Do I need to repot my japanese black pine?

clabor93

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Hello everyone,

I'm from Italy. A few days ago I bought a Japanese black pine bonsai. As you can see on attached video and photos, the soil seems to be too much compact. The seller told me that I do not have to repot this year since it has been repotted last year.
In your opinion is it true? If yes, which is the appropriate shape and size of the new pot? When to repot and if the soil in the attached picture is appropriate for it.

Here is the video where I show my bonsai soil:
https://gofile.io/?c=4JFnrn

If you have time and patience please read below for additional questions.

Which type of fertiliser is suited? When to use it?
Same story for the insecticide.

Please take in mind my bonsai is exposed to the outside climate described in details.

Winter: Temperature usually 8°C-15°C (45°F-60°F) Mild/humid/rain alternating with sunny/dry/cold. Snow very unlikely.
Fall: 1st part Temperature usually 15°C-25°C (60°F-77°F) Days similar to summer but shorter and colder
2nd part Temperature usually 10°C-20°C (50°F-70°F) Humid/rainy sometimes thunderstorms and windy
Spring: Temperature usually 10°C-20°C (50°F-70°F) Rain becoming rarer and mostly sunny days
Summer: Temperature usually 18°C-30°C (65°F-85°F) Sunny/hot usually windy in the afternoon.

Thank you so much for the attention
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Mayank

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The video is helpful. Certainly the water seems to stay at the surface for quite a while. I'd be tempted to say that it needs to be repotted.
 

clabor93

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The video is helpful. Certainly the water seems to stay at the surface for quite a while. I'd be tempted to say that it needs to be repotted.
Thank you for your time and support
 

bwaynef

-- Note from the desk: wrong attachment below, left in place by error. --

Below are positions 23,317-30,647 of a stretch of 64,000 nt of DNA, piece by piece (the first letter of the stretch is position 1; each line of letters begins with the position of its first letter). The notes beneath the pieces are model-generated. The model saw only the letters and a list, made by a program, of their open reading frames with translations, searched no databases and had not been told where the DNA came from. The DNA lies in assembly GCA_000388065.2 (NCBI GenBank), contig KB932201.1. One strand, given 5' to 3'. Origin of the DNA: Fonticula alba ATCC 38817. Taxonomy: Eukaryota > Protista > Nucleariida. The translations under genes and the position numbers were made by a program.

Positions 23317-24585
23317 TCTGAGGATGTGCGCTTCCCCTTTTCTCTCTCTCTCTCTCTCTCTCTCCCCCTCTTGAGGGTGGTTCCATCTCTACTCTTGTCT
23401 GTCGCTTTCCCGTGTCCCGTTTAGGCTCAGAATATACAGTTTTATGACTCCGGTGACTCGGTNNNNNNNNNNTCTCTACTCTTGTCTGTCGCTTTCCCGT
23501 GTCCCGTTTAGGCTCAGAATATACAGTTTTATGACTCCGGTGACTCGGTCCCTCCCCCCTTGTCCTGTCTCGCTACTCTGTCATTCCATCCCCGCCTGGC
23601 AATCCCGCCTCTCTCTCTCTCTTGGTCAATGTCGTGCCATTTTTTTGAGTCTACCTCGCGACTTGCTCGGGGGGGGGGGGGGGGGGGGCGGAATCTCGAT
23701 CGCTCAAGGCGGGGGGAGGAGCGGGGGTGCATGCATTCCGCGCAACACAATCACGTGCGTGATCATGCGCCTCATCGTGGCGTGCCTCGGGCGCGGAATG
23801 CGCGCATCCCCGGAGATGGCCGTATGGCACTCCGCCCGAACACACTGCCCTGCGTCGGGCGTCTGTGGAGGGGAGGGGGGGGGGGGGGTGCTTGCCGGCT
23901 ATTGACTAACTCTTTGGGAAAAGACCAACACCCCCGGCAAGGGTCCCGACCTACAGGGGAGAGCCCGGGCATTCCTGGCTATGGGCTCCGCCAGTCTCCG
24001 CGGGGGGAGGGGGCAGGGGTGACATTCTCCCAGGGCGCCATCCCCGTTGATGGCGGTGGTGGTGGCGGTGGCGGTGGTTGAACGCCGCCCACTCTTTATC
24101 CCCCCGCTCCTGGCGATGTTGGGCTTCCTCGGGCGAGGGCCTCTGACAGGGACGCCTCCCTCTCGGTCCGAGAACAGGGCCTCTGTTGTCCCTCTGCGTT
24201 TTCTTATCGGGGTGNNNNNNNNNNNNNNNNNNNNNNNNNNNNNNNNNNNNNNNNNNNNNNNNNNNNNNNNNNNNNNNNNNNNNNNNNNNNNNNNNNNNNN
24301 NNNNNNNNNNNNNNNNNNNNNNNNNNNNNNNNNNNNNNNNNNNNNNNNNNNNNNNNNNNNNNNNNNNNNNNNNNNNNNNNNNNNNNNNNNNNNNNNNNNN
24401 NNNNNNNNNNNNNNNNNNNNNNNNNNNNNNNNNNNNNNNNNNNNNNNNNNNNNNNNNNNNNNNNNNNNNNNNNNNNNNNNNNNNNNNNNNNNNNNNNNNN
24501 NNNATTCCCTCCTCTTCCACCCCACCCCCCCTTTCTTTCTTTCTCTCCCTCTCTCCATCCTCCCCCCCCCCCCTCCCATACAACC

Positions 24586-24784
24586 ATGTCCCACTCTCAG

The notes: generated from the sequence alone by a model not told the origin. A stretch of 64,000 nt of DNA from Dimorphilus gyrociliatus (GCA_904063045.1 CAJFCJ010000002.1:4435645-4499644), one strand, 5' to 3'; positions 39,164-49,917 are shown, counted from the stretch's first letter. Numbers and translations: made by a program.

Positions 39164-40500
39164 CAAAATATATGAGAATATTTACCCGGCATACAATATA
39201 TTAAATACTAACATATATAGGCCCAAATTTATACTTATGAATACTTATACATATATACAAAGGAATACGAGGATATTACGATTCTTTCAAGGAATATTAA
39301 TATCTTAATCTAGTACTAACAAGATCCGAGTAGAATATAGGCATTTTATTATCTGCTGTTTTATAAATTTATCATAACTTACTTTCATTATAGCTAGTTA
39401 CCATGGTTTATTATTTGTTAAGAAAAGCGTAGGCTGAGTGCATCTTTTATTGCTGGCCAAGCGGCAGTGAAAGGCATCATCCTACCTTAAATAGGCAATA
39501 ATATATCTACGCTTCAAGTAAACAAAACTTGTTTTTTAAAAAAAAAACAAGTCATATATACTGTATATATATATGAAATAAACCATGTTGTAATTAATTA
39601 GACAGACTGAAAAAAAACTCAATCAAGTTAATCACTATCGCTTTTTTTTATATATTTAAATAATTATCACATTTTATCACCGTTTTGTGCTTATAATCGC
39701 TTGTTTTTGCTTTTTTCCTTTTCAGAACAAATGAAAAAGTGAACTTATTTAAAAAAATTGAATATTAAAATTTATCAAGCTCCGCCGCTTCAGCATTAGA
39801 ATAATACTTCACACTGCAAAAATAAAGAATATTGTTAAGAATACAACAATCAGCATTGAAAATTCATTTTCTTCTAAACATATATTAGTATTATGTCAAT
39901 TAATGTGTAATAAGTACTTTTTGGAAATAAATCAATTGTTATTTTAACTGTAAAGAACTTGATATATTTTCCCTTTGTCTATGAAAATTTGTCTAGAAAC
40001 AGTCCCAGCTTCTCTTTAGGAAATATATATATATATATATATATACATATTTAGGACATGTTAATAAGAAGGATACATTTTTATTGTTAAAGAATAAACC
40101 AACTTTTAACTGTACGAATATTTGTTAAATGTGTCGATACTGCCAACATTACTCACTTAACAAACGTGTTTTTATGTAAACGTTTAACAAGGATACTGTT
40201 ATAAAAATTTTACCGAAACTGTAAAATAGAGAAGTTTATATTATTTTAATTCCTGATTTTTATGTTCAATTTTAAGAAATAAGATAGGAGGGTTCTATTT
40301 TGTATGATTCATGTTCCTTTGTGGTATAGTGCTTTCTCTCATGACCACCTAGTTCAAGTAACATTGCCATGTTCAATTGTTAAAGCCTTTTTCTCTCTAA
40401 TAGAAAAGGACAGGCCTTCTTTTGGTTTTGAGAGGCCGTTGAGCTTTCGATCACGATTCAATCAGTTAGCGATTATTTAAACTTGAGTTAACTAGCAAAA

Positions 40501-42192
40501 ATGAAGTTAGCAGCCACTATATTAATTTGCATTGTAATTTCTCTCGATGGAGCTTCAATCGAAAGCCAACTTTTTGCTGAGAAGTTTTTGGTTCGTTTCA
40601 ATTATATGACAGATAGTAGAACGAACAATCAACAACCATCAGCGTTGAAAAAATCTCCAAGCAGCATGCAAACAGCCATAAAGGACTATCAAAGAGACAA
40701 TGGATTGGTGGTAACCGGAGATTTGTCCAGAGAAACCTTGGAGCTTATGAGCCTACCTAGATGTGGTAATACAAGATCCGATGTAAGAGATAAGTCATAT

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If this were mine, I'd definitely half-bareroot it to start replacing the soil in this tree. When you repot it, get rid of the mound that's in place as well. (Notice how the water runs down to the edge of the pot? Its because it's mounded (...and the soil/moss has become hydrophobic).)
 

Cofga

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The soil does look crappy (non-technical American slang for bad). I would repot if for no other reason than so I would know what it is and what to expect for drainage and water/nutrient retention. Although I am only into my second year with a similar looking black pine what I have read and seen suggests these like things a little wetter than most pines so take that into consideration when deciding on a final mix. You may want a little more akadama than usual for other pines.
 

Stan Kengai

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Your tree looks healthy. Try cleaning the soil surface before considering repotting. Remove the first cm of old soil and duff. If there are few or no roots on the top once the first layer is removed, loosen that next layer of soil. Water well. Wait several hours, and then see how the water percolates the remaining soil. If it still does not drain quickly, or if the soil just beneath the surface is full of roots, it is time to repot. If it does drain, simply refill with new soil. No repotting is necessary.
 

Shibui

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I am always in favour of getting trees into a known mix as soon as possible. having lots of trees in different unknown potting mix causes problems with watering and care as you need to learn to water each one differently. Trees in known mix can all be watered and cared for in a similar manner = more success.
We have a similar climate (slightly cooler in winter and hotter in summer) and I have found that black pines do not object to more regular root pruning so I believe it will be safe for you to repot this spring.
 

Wires_Guy_wires

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If all else fails and you're not sure what to do: go to the local tackle shop, bait store or whatever those worm-selling stores are called.. And get yourself a can of worms and release them in the soil.
They'll worm their way through the soil, and their tunnels will provide ample percolation for the time being.
 

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